Outsourcing is another survival strategy. The much-heralded agreement to open a Berkeley-Shanghai campus is one solution to bankruptcy, but will it help our struggling undergraduates—most of whom work double shifts, carrying a full plate of demanding courses and working at outside jobs more than 20 hours a week—defray the expenses of room and board and Wi-Fi?

Digital, long-distance learning is another vaunted solution, but what might work for basic language, math, and science classes won’t work for the give and take of face-to-face undergraduate classes, not to mention the hyperinteractiveness of science labs or the intellectually combative graduate seminars that teach students to think on their feet.

Public higher education is dying. As senior faculty retire, their positions and programs are going with them, not to be replaced. There is always talk about closing “expensive” departments: the humanities, the arts, and the social sciences in particular. Gov. Rick Scott of Florida recently declared that anthropologists were not needed in his state: “It’s a great degree if people want to get it, but we don’t need them here.” On another occasion he said, “Do you want to use your tax money to educate more people who can’t get jobs in anthropology? I don’t.” And there are other signs of institutional decline, at least in California. Custodial staff, cut to the bone, do their best, but university hallways, stairwells, and bathrooms are unsanitary, elevators are out of order for six months at a time, and “smart” classrooms (those with PowerPoint and video capacity) are scarcer than hen’s teeth.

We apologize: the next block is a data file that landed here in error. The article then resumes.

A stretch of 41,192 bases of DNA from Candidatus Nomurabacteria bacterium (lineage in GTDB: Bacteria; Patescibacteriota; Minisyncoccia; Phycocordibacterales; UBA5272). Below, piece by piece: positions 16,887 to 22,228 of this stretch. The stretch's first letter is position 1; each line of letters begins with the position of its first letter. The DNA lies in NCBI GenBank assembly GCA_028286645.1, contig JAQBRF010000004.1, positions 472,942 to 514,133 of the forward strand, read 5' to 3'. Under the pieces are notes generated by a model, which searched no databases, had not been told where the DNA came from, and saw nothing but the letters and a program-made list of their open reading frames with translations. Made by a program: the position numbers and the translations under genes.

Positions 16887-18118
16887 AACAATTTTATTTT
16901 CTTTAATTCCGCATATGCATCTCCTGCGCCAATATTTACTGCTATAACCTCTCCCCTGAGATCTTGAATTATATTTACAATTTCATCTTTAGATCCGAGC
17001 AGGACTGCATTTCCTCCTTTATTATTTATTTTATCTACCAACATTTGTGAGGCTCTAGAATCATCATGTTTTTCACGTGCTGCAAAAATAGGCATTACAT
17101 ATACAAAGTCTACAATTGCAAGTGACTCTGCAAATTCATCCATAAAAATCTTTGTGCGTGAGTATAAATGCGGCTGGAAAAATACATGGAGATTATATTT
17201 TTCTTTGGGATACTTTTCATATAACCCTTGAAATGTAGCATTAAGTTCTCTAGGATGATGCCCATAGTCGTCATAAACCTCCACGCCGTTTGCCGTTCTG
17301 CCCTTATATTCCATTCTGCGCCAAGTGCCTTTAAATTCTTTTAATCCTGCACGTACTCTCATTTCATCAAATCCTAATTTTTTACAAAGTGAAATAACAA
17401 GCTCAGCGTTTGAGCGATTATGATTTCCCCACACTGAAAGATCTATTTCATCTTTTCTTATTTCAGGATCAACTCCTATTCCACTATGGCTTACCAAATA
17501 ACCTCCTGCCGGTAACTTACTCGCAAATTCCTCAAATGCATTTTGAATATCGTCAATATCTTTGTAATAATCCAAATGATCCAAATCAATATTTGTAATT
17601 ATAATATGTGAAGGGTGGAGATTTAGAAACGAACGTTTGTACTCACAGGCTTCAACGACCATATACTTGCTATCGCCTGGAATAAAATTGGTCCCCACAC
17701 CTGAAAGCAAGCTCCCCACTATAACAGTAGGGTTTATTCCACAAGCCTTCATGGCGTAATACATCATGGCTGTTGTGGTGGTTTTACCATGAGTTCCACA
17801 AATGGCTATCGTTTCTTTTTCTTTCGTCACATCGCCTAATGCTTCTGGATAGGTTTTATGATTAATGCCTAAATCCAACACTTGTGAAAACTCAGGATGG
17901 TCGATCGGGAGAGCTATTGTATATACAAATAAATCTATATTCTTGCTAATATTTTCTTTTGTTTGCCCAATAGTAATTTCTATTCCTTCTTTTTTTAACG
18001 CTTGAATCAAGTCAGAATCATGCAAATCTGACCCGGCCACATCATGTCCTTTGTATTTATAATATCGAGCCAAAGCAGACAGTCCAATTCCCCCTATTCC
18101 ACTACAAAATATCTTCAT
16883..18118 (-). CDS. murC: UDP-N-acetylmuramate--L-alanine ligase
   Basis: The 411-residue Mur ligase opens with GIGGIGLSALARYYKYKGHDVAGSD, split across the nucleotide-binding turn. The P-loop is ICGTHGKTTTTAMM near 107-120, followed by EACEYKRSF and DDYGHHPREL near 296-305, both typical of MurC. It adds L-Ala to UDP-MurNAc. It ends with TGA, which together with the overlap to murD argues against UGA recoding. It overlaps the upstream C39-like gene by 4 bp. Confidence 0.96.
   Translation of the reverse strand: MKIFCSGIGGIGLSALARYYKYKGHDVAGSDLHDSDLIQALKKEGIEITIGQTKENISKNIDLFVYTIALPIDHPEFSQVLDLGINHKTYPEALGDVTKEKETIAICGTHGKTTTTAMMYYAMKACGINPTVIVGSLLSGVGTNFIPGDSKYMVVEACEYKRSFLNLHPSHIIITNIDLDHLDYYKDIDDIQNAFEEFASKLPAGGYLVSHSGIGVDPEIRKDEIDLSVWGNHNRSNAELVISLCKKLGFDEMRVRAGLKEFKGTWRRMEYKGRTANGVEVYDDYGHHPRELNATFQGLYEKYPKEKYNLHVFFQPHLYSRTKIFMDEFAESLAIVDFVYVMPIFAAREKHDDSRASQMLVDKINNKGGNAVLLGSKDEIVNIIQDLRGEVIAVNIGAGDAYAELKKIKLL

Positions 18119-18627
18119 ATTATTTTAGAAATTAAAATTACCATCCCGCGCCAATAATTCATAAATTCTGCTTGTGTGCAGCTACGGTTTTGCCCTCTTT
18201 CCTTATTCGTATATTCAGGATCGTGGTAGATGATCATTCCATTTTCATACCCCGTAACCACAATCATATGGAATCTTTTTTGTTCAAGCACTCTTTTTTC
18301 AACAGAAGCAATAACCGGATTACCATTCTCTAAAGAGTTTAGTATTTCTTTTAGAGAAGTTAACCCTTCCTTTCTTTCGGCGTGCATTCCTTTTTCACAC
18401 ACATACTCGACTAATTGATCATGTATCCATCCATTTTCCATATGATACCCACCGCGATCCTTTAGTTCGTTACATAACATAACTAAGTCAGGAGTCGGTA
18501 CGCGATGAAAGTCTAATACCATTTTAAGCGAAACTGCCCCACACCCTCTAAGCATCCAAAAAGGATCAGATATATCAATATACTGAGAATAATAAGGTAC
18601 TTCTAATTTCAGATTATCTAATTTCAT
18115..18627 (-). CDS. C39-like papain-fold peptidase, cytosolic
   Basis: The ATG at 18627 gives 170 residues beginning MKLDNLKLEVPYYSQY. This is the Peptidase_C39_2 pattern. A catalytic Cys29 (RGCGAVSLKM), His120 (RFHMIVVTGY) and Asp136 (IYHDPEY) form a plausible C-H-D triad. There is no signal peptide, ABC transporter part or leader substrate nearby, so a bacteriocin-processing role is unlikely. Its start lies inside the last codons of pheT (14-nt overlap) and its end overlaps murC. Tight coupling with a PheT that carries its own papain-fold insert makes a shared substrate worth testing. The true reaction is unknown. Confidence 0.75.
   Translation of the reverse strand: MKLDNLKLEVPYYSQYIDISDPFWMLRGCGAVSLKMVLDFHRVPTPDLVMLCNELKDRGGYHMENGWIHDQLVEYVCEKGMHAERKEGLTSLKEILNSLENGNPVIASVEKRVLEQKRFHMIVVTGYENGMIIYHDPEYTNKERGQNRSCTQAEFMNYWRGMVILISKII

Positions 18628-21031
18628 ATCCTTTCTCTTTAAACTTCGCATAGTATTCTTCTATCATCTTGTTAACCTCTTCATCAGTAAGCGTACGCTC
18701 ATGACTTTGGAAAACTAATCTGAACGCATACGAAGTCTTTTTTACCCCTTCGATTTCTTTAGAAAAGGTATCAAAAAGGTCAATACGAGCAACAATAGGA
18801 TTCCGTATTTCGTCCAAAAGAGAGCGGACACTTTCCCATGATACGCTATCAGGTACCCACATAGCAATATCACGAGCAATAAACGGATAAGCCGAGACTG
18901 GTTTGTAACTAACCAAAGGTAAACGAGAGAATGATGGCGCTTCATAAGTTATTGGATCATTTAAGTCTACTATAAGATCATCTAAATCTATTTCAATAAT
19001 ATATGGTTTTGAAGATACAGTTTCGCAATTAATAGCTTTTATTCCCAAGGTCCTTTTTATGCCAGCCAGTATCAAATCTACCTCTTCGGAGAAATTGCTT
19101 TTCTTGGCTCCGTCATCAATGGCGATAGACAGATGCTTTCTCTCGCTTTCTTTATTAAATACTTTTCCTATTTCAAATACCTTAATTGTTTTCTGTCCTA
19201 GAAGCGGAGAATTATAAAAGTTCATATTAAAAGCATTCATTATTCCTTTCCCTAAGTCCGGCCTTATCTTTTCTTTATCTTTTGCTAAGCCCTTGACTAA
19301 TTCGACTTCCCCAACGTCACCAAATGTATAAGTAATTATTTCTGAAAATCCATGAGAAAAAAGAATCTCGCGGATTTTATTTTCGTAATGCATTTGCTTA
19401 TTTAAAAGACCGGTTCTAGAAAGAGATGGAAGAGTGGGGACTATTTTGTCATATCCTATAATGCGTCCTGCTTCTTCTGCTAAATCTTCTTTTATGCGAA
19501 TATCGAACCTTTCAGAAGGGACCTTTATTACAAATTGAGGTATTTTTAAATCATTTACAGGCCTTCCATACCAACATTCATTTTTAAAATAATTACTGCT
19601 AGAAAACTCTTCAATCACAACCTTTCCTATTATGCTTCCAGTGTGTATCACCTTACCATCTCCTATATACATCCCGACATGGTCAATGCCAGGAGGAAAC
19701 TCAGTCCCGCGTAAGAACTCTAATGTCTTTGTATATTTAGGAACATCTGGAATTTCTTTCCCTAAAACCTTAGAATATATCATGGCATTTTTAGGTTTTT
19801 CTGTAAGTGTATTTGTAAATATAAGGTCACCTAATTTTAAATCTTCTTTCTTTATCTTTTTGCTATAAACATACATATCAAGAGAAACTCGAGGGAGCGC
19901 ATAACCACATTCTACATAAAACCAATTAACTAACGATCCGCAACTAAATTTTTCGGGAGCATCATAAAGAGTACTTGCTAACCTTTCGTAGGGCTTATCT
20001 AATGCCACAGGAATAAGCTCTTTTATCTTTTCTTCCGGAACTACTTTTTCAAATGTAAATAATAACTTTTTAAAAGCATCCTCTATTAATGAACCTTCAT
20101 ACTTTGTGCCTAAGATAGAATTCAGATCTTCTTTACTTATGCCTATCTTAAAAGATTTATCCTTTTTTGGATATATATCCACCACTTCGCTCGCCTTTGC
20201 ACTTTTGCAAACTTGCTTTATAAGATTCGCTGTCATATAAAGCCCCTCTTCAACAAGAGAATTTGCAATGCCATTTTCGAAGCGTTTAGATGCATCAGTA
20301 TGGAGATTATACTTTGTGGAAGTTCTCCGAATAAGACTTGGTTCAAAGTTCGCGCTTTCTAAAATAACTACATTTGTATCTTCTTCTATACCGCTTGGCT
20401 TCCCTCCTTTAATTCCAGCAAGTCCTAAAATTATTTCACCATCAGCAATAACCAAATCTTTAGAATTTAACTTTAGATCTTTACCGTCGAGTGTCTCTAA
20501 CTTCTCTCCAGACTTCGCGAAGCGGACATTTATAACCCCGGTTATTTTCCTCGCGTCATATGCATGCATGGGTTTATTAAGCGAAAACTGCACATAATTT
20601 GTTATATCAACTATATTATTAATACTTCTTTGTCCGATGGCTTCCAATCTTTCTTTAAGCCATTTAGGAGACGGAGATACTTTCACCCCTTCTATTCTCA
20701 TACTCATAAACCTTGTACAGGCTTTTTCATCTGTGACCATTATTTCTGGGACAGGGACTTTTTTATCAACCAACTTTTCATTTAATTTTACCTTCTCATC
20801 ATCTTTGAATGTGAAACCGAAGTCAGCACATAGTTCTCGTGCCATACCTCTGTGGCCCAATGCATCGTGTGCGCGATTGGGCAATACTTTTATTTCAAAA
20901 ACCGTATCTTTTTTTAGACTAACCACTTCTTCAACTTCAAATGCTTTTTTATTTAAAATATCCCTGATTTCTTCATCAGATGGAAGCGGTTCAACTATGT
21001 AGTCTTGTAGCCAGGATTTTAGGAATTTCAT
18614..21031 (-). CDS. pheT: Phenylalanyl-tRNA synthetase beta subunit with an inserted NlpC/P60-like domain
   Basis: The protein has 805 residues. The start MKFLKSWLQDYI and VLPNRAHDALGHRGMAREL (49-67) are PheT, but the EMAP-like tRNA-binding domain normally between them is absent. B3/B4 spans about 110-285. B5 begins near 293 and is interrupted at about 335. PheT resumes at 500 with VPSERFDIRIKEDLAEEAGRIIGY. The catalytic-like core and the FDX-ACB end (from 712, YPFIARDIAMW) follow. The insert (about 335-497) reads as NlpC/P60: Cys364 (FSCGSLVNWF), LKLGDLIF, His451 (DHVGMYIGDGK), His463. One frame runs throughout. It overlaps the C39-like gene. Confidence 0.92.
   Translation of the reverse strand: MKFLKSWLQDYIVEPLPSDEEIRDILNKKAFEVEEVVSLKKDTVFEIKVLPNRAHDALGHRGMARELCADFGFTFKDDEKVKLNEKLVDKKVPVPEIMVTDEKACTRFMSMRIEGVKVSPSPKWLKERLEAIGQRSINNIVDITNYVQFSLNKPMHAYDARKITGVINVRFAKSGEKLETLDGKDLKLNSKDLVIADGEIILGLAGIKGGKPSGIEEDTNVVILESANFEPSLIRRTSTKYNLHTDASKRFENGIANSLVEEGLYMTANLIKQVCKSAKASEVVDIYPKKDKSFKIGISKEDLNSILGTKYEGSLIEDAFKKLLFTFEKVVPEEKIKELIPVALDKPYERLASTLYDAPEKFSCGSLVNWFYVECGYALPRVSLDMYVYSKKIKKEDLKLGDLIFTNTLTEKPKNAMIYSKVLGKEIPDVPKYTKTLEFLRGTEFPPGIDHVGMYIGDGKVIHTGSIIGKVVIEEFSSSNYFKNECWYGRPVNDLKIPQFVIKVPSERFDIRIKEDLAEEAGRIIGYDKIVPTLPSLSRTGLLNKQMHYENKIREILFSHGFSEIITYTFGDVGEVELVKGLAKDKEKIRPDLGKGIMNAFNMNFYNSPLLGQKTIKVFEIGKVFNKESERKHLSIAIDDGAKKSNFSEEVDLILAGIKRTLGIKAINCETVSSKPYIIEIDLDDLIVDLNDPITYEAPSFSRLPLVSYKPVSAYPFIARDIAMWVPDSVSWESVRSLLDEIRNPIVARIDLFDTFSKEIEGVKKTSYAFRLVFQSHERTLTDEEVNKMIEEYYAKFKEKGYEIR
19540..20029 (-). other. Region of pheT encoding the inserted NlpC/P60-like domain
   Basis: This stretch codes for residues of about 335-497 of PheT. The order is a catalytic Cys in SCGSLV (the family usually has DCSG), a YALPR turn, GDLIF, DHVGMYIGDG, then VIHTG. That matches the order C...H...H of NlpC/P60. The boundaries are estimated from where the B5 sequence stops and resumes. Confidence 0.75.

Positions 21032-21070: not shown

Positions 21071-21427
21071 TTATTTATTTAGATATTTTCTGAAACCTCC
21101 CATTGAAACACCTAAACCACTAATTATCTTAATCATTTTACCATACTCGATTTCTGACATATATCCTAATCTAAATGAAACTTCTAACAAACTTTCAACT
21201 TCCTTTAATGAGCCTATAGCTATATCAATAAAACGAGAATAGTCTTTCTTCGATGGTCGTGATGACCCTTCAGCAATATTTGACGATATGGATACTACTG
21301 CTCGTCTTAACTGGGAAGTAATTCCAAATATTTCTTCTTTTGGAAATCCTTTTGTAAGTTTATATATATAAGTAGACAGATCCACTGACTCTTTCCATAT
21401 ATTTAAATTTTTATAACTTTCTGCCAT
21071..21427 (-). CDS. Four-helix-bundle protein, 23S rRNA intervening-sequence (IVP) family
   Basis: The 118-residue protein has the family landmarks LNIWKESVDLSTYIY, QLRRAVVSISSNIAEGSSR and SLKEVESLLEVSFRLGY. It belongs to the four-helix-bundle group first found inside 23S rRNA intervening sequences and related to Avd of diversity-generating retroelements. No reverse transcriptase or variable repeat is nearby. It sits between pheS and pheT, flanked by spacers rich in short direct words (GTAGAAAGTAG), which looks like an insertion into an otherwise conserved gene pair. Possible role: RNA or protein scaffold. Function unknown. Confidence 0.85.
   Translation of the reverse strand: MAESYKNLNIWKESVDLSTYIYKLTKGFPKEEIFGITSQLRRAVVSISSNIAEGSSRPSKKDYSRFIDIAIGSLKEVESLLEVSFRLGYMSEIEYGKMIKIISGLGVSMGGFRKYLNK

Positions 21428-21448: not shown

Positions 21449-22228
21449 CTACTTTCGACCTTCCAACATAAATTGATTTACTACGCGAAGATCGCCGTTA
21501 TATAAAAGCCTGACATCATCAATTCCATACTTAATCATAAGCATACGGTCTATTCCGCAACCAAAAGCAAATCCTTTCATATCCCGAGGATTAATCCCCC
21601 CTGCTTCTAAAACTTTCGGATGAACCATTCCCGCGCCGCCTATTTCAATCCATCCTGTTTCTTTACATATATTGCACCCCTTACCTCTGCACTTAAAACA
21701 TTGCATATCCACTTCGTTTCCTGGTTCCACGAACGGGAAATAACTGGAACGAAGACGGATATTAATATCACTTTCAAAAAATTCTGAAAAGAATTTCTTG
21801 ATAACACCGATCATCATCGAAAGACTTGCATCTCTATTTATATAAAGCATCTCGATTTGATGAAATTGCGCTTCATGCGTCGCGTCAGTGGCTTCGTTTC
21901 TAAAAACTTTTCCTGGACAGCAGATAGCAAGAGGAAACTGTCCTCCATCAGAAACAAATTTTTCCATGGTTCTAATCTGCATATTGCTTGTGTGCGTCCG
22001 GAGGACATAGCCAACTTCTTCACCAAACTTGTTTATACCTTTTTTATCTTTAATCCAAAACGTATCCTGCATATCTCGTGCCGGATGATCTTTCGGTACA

Against the backdrop of a deep recession, a failing war in Afghanistan, stalled efforts to overhaul American health care, the sudden appearance of the “new” working-class poor in shelters and food kitchens, why should anyone give a hoot about a crisis in public higher education?

Conflicting views on the role of a university

There are two views of the university. One is the university as a critical institution engaged in the political and social transformation of the society of which it is a part. The second sees the university as a cloister, a secular monastery of reclusive scribes and writers, safely removed from the influence of the larger society and the world. That view has been advanced most forcefully by President John Sexton of New York University, who has referred to the university as a “sacred space,” drawing on Cardinal Newman’s essay “The Idea of the University,” published in 1852. Newman described the university as a place for preserving and teaching “universal knowledge.”

But in truth the university has never been isolated. It always responds to external interests—sometimes for patronage and gain, sometimes for power and political clout.

Higher education also has the responsibility to support and drive economic growth, as it did so forcefully in California throughout most of the 20th century. During World War II, for example, UC served the war effort in ways that today would make many progressive professors cringe. After the war, the U.S. Department of State and the California legislature considered the public university a weapon—hence the tense and often faculty-contested incorporation of federally financed nuclear research at UC—as well as an engine for fueling economic and political prowess, through advancing technological dominance. Area-studies programs focusing on Latin America, Europe, the Middle East, Asia, and Africa were developed to protect American interests and to keep our educated citizens informed of foreign affairs.